Etymology
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cast (n.)

mid-13c., "a throw, an act of throwing," from cast (v.). In early use especially of dice, hence figurative uses relating to fortune or fate. Meaning "that which is cast" is from mid-15c. Meaning "dash or shade of color" is from c. 1600.

The sense of "a throw" carried an idea of "the form the thing takes after it has been thrown," which led to widespread and varied meanings, such as "group of actors in a play" (1630s). OED finds 42 distinct noun meaning and 83 verbal ones, with many sub-definitions. Many of the figurative senses converged in a general meaning "sort, kind, style" (mid-17c.). Meaning "model made from taking an impression of an object" is from c. 1500. A cast in the eye "slight squint" (early 14c.) preserves the older verbal sense of "warp, turn," via the notion of "permanent motion or turn." As "plaster molded around an injured or diseased part," by 1883.

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cast (v.)

c. 1200, "to throw, throw violently, fling, hurl," from a Scandinavian source akin to Old Norse kasta "to throw" (cognate with Swedish kasta, Danish kaste, North Frisian kastin), of uncertain origin. Meaning "to form in a mold" is late 15c. In the sense of "to throw" it replaced Old English weorpan (see warp (v.)), and itself largely has been superseded now by throw, though cast still is used of fishing lines (17c.) and glances (13c.).

From c. 1300 as "emit, give out;" also "throw to the ground;" also "shed or throw off;" also "calculate, find by reckoning; chart (a course)." From late 14c. as "to calculate astrologically." From late 15c. as "bring forth abortively or prematurely." From 1711 as "distribute the parts (of a play) among the actors." Of votes from 1840, American English. To cast up is from 1530s as "compute, reckon," late 15c. as "eject, vomit."

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cast-off (adj.)

1709, "put aside, rejected," from verbal phrase cast off "discard, reject" (c. 1400), from cast (v.) + off (adv.). From 1741 as a noun, "person or thing abandoned as worthless or useless." Related" Cast-offs.

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cast-iron (n.)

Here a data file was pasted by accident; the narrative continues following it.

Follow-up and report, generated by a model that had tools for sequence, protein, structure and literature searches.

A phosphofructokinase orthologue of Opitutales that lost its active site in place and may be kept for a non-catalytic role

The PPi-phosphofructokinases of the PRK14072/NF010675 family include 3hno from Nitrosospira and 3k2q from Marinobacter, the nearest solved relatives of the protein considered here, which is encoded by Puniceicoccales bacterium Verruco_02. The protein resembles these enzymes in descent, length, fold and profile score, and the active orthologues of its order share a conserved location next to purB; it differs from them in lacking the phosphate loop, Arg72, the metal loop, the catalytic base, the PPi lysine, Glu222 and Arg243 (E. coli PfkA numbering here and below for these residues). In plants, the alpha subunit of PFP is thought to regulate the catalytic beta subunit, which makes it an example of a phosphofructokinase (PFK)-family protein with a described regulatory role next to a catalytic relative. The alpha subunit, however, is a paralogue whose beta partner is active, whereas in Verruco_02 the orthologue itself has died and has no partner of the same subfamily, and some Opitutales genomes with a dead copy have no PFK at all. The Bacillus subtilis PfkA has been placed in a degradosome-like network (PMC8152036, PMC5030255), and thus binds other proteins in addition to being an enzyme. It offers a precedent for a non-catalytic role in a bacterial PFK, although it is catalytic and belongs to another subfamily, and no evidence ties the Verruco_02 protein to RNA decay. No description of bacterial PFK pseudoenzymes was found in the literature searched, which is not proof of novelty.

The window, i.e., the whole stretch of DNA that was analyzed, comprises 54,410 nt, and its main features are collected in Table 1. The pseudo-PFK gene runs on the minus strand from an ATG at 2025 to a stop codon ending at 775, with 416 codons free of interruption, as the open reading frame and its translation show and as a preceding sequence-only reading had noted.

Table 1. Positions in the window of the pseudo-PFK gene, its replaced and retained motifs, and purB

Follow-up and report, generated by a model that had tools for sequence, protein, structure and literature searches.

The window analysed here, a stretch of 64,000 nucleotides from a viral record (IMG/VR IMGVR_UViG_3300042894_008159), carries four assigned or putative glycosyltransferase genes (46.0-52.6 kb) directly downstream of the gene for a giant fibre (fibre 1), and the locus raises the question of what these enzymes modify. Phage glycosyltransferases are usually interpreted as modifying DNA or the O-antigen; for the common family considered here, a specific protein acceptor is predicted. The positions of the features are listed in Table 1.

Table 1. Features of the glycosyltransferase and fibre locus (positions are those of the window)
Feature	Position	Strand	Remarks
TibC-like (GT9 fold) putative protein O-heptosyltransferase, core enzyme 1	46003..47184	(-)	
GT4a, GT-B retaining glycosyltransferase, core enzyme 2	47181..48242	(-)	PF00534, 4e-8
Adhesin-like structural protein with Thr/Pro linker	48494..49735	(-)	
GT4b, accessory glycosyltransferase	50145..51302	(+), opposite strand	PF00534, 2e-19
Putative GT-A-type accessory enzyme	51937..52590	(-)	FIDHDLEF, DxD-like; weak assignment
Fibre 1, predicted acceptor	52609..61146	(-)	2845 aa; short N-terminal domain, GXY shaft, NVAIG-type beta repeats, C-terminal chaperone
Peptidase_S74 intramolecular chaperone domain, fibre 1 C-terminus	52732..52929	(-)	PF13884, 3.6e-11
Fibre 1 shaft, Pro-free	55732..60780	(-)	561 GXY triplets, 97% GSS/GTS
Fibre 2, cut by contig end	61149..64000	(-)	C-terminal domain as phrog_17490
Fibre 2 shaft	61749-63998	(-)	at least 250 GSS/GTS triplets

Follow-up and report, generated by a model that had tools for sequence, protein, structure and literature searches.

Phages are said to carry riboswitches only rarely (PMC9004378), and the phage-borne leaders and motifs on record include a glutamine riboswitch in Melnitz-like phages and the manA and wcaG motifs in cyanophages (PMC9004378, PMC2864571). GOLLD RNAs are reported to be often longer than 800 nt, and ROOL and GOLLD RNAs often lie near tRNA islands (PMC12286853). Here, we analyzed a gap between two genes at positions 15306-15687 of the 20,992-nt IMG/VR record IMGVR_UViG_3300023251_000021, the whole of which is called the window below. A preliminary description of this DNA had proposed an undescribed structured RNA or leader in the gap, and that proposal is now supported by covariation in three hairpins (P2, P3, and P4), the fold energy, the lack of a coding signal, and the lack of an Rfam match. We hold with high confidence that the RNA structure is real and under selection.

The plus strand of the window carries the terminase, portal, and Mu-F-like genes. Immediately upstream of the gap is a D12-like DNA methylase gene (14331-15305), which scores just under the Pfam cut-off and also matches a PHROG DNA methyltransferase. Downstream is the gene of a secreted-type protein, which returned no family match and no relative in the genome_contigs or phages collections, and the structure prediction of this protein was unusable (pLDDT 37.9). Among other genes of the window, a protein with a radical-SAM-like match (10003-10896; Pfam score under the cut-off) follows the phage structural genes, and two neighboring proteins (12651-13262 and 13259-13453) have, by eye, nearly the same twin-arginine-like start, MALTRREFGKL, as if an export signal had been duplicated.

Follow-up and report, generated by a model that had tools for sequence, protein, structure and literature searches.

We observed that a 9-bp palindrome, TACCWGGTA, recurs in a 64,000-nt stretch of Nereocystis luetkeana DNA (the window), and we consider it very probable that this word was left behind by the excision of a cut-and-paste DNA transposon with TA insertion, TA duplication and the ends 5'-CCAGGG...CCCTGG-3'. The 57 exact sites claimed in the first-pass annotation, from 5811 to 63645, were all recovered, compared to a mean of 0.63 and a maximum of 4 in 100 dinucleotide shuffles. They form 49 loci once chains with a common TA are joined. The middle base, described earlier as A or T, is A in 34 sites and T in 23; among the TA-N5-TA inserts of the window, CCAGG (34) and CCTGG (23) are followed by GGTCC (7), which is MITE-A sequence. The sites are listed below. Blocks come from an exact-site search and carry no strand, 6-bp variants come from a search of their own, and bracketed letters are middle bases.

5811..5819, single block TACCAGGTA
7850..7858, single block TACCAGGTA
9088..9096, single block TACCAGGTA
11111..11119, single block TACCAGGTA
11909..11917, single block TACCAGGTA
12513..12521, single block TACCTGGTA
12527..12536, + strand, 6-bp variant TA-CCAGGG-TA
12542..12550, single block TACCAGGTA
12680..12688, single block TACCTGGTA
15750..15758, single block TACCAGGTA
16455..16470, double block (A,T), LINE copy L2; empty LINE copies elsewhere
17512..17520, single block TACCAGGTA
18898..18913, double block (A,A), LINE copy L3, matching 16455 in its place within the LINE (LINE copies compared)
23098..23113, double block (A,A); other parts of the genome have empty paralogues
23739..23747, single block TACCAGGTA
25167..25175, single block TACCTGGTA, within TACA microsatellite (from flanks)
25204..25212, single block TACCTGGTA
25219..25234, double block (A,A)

1660s, cast iron, from iron (n.) + cast (adj.) "made by melting and being left to harden in a mold" (1530s), past-participle adjective from cast (v.) in its sense "to throw something (in a particular way)," c. 1300, especially "form metal into a shape by pouring it molten" (1510s). From 1690s as an adjective, "made of cast-iron;" figurative sense of "inflexible, unyielding" is from 1830.

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precast (adj.)

of concrete, "formed by casting before being set in place," 1914; see pre- + cast (v.).

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caster (n.2)

"small wheel and swivel attached to the leg of a piece of furniture," 1748, agent noun from cast (v.) in the old sense of "turn." Also sometimes castor.

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caster (n.1)

also sometimes castor, "person or thing that casts," late 14c., agent noun from cast (v.). Meaning "pepper shaker, small perforated container" is from 1670s, on notion of "throwing" the powder, liquid, etc., when needed.

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castaway (n.)

late 15c., "one who is rejected," from the verbal phrase "to reject, dismiss" (c. 1300, literal and figurative), from cast (v.) + away (adv.). Specific sense "one adrift at sea" is from 1799. The adjective is first recorded 1540s.

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overcast (adj.)

c. 1300, of weather, "covered or overspread with clouds," past-participle adjective from verb overcast (early 13c.), "to place something over or across," also "to cover, to overspread" as with a garment, but usually of clouds, darkness (also "to knock down"), from over- + cast (v.).

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miscast (v.)

late 14c., "to cast (a glance, an 'eye') with evil intent" see mis- (1) + cast (v.). Meaning "to reckon erroneously" is from 1590s. Theatrical sense of "to place an actor in an unsuitable roll" is recorded from 1927. Related: Miscasting.

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